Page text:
Ru­bio isn’t for­mu­lat­ing his bill to be­ne­fit Rom­ney. But for Rom­ney to em­brace it would send “a very im­port­ant sig­nal to His­pan­ic voters,” Ayres ar­gues. It could also align Rom­ney with groups hold­ing sub­stan­tial cred­ib­il­ity in that com­munity. Pub­licly, im­mig­rant-rights groups gen­er­ally ar­gue that Ru­bio’s concept doesn’t go far enough be­cause it lacks a guar­an­teed path­way to cit­izen­ship for the young people in­volved. But private con­ver­sa­tions already un­der way sug­gest that Ru­bio’s concept could di­vide Demo­crats and at­tract sig­ni­fic­ant sup­port among im­mig­ra­tion ad­voc­ates, at least as a start­ing point for dis­cus­sion and per­haps even as the en­d­point of an agree­ment. “If the concept as he has laid it out is trans­lated in­to de­cent le­gis­la­tion and he brings Re­pub­lic­an sup­port to the table, it’s a game changer,” said Frank Sharry, ex­ec­ut­ive dir­ect­or of the pro-im­mig­ra­tion re­form group Amer­ica’s Voice.

Ru­bio’s abil­ity to de­liv­er on the second half of Sharry’s equa­tion — at­tract­ing oth­er Re­pub­lic­ans — re­mains un­cer­tain. The sen­at­or’s sup­port­ers take heart from the dogs that aren’t bark­ing yet on the right. “Giv­en how much cov­er­age this po­ten­tial bill has re­ceived “¦ so far, at least, there have been very, very few con­ser­vat­ive voices who have sprung up to cri­ti­cize it,” one Ru­bio ad­viser said. The one ex­cep­tion is Kris Kobach, the hard-line Kan­sas sec­ret­ary of state, who Rom­ney earli­er wel­comed as an ad­viser but has lately tried to dis­tance him­self from.

In Ayres’s polling for the His­pan­ic Lead­er­ship Net­work, most rank-and-file Re­pub­lic­ans sup­por­ted Ru­bio’s ap­proach. But Kobach has poin­tedly re­af­firmed his op­pos­i­tion to any pro­gram that provides leg­al status to those who ar­rived il­leg­ally, even though he hasn’t en­tirely closed the door on Ru­bio’s ap­proach. That sug­gests oth­er con­ser­vat­ives may yet re­coil at it as well. If that pro­spect de­ters Rom­ney from en­dors­ing Ru­bio’s plan, such a pub­lic snub would hobble the sen­at­or’s ef­fort to win GOP sup­port and sim­ul­tan­eously deep­en Rom­ney’s prob­lems with His­pan­ic voters. It would also leave Rom­ney vi­ol­at­ing one of the old­est rules in polit­ics: When you’re in a hole, stop dig­ging.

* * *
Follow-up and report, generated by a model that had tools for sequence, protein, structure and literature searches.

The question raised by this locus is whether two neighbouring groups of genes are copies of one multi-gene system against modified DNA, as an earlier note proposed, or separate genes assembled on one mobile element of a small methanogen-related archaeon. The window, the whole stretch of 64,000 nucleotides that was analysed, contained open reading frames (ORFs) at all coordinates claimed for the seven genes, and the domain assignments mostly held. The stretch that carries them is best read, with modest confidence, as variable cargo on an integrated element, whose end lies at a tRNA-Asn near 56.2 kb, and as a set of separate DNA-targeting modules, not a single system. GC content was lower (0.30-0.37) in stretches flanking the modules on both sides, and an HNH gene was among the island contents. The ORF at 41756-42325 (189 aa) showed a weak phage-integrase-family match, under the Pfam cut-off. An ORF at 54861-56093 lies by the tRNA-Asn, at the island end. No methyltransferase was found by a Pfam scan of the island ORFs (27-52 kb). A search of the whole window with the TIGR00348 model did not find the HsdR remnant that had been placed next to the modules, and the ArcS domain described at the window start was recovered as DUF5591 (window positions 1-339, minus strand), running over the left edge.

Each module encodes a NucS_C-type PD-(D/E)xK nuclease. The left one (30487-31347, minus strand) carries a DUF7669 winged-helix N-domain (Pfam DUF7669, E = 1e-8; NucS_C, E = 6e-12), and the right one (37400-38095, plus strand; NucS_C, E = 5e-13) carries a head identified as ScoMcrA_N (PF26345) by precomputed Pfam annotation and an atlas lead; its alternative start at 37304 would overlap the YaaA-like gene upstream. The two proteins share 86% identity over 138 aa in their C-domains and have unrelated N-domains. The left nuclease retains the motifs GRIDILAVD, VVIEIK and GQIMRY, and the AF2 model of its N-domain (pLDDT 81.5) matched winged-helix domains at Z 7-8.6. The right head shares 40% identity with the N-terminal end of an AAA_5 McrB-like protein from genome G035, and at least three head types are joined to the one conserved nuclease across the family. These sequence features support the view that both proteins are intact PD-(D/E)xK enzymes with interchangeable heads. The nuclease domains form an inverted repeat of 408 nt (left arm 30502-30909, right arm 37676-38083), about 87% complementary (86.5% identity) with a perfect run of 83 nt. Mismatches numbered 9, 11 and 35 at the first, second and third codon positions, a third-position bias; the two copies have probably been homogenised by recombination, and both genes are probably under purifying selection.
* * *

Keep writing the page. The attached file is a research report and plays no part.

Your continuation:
What We're Following See More »
North Korean Chemical Weapons Shipments to Syria Intercepted
7 hours ago

"Two North Korean shipments to a Syrian government agency responsible for the country's chemical weapons program were intercepted in the past six months, according to a confidential United Nations report on North Korea sanctions violations."

14 Charities Cancel Fundraisers at Mar-a-Lago
10 hours ago

"Corporate fallout over President Donald Trump's comments on the violence that erupted in Charlottesville, Virgina continues as two more charities announced this weekend they would be canceling gala fundraisers at Trump’s Mar-a-Lago Club in Palm Beach, Florida ... In all, 14 have canceled and only two events remain: The Palm Beach Police Foundation's annual Policeman Ball and the Palm Beach County Republican Party's annual Lincoln Day Dinner, according to reports."

Report: White House Tried to Kill Mountaintop Removal Study
10 hours ago

"Trump administration officials have told the National Academy of Sciences to cease all work on a study of the public health risks for people living near mountaintop removal coal-mining sites in Appalachian, the academy said in a statement late this morning." The Department of the Interior blamed the move on a review of contracts in the wake of a "changing budget situation."

Putin Appoints New Ambassador to U.S.
10 hours ago

"The Kremlin announced today that Russian President Vladimir Putin appointed Anatoly Antonov as Russia’s ambassador to the United States, replacing Sergey Kislyak. Antonov, a former deputy defense minister who has been sanctioned by the European Union for his role in Russia's takeover of Crimea in 2014, will come to Washington with a reputation as a hardline negotiator. He is best known to American officials from his time fronting Russia's negotiations at arms control talks with the Obama administration, which in 2009 produced a treaty renewing U.S. and Russian commitments to cut their nuclear arsenals. From 2011 until last December he also served as a reliable defender of the Kremlin's positions on the Ukraine crisis."

Ryan: “There Are No Sides” on Charlottesville
16 hours ago

After taking fire for not forcefully condemning President Trump's statements on Charlottesville, Speaker Paul Ryan today issued a statement that takes issue with any "moral relativism" when it comes to Neo-Nazis. "There are no sides," he wrote. "There is no other argument. We will not tolerate this hateful ideology in our society." Ryan participates in a CNN town hall tonight from Racine, Wis.


Welcome to National Journal!

You are currently accessing National Journal from IP access. Please login to access this feature. If you have any questions, please contact your Dedicated Advisor.